Getting to know yourself again – finding your strengths
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You know that phrase, ‘love what you do and do what you love’? It can sound so simple yet so aspirational all at the same time – yes of course we want to love what we do, but reality can bite…hard…and with bills to pay and mouths to feed we just need to crack on, don’t we? Now hands up, I’m a realist so I’m not going to sugar coat anything BUT as a big fan of helping people use their strengths, I reckon we can build a life that makes us happy on the regular, doing what we love.
When tiny humans come along it alters so much of what you do and how you do it, that it can be really hard to keep track of your own identity. You’ve probably described your identity in the context of what you do for a long time, and then post-baby; it’s become about being somebody’s Mum – which is obviously a big part but it’s not the only version of you. You still have your unique set of values, beliefs, skills, weaknesses and all that’s in between. You’re still you, just with more hangers on.
I’ve worked as a Strengths Coach for about seven years now mainly in a corporate environment, but more recently I’ve gone solo, working with parents who are returning to work after any sort of parental leave or career break. It tends to be Mums returning from Maternity or Adoption Leave, but I would welcome any Dads if you’re reading!!
This is the first instalment of a series of posts that will help you figure out when you’re at your best, how to make sure you’ve got a decent amount of doing what you love going on, how to tackle your weaknesses in a practical and realistic way and then maintain all that good stuff!
The first thing I need to introduce you to is the concept that strengths are things that leave you feeling energised, awesome and even if you’re not skilfully good at it right now, you could be in the future. What does that actually mean I hear you ask? Well, have a think about all the things you’ve been told you’re good at over the years – you got a few things? Ok, now cross check that with your reaction to said feedback…did you raise an eyebrow and think ‘erm, well yeah it’s ok but it’s not my favourite thing to do.’ That’s because that particular thing you’re being praised for was a competency, a learned skill – not a natural strength that left you wanting to punch the air with glee. Making sense?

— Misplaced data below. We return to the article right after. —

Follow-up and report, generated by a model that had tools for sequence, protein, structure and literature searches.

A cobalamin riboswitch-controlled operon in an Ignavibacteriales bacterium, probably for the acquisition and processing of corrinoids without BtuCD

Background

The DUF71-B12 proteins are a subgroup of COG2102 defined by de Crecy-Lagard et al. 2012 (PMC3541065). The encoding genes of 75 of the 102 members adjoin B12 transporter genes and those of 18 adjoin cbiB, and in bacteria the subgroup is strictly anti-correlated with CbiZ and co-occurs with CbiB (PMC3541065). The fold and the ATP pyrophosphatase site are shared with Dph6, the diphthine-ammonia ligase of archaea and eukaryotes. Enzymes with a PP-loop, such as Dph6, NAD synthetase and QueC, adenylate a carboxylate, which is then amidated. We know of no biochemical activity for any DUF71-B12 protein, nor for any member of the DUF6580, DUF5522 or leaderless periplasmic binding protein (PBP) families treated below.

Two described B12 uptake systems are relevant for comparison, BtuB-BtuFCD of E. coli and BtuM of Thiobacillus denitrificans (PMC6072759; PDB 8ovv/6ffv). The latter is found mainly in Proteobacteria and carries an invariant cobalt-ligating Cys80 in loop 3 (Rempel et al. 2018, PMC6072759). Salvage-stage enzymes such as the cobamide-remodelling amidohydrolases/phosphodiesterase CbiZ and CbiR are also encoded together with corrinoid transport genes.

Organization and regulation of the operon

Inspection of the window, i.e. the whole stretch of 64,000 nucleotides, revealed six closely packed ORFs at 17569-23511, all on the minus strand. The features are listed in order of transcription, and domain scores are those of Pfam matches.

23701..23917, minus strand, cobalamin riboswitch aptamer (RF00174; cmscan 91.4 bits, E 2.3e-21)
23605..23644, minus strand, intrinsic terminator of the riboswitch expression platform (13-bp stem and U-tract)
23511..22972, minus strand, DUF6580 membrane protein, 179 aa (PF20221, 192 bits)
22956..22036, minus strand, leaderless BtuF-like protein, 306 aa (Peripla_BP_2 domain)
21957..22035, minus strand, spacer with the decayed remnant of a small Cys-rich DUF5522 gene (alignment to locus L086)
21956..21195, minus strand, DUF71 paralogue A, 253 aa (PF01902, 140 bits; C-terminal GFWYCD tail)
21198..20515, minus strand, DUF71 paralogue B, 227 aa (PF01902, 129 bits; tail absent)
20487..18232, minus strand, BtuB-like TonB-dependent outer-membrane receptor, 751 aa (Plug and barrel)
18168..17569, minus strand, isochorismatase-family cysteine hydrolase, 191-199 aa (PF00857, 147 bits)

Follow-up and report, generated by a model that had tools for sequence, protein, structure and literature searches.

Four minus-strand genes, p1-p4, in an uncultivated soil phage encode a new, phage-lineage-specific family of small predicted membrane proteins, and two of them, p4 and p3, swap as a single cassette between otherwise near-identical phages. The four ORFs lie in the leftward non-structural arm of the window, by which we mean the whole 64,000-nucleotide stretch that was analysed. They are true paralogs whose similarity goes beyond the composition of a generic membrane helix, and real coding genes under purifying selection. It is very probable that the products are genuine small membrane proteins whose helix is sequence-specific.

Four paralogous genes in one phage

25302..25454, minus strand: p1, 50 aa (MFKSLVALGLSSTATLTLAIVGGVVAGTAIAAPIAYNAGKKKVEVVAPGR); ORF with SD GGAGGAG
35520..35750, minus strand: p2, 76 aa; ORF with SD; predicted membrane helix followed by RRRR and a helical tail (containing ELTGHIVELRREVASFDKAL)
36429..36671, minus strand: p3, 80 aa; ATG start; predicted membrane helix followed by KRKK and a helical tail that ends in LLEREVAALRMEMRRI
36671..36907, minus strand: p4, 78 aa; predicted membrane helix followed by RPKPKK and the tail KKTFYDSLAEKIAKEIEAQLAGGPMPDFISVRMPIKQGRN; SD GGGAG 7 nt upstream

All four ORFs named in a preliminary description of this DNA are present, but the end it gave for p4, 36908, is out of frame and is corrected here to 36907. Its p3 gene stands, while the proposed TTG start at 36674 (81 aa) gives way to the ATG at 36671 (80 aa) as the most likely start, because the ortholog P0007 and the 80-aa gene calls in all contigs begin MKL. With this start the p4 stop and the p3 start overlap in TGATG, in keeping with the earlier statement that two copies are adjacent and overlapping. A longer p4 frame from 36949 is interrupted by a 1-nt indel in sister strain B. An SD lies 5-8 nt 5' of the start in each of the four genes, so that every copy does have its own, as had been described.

Knowing your strengths is so important and can help on loads of levels. You can get to know yourself better, have more meaningful conversations at work (and home!), and carve out your life to spend more time doing what you love. Using your strengths helps to build your resilience, drive your authenticity and from a work point of view will help you feel more engaged with what you’re doing. And if you’re an employer reading this I’m sure you’re already aware of the link between engagement and your company performance! (hint: it’s really good).
So how do you get to know your strengths? Well there are lots of different online questionnaires and psychometric tools that can help you, but if that’s not an option or your style here are some questions to send you on your way:
• When you’ve got a list of things to do, what do you choose to do first? If you have a look over a few days or weeks, you’ll find some consistency in the types of things you go for.
• What makes you pick those things? Is it who you’re working with on them, is it a particular way of working (creatively, being in the detail, collaborating with others etc).
• What do you find fun? What do you love doing? What keeps your focus and attention? Your strengths are driven by your values, so you’re more likely to stick to doing something if it’s in line with your own beliefs.
• When you’re feeling positive and relaxed, what are you doing? Consciously tuning into how you’re feeling when you’re doing something is a really good way to figure out what you’re energised by. It’s so easy to let things become transactional and background noise but paying attention to your energy levels is a sure-fire way to pin point those oh-so-important energisers.
Grab a piece of paper and scribble away or if you’re more in touch with technology (than me) grab your phone and make some notes but however you do it put it somewhere you can access easily and that’s visible. The idea is that you can add to it as things spring to mind. This is the first step in building a brilliant picture of when you feel brilliant and how you can make even better use of your strengths, so hold on to it.
The next section is going to be about how to put them into practice and face into weaknesses with positive psychology…catch up soon!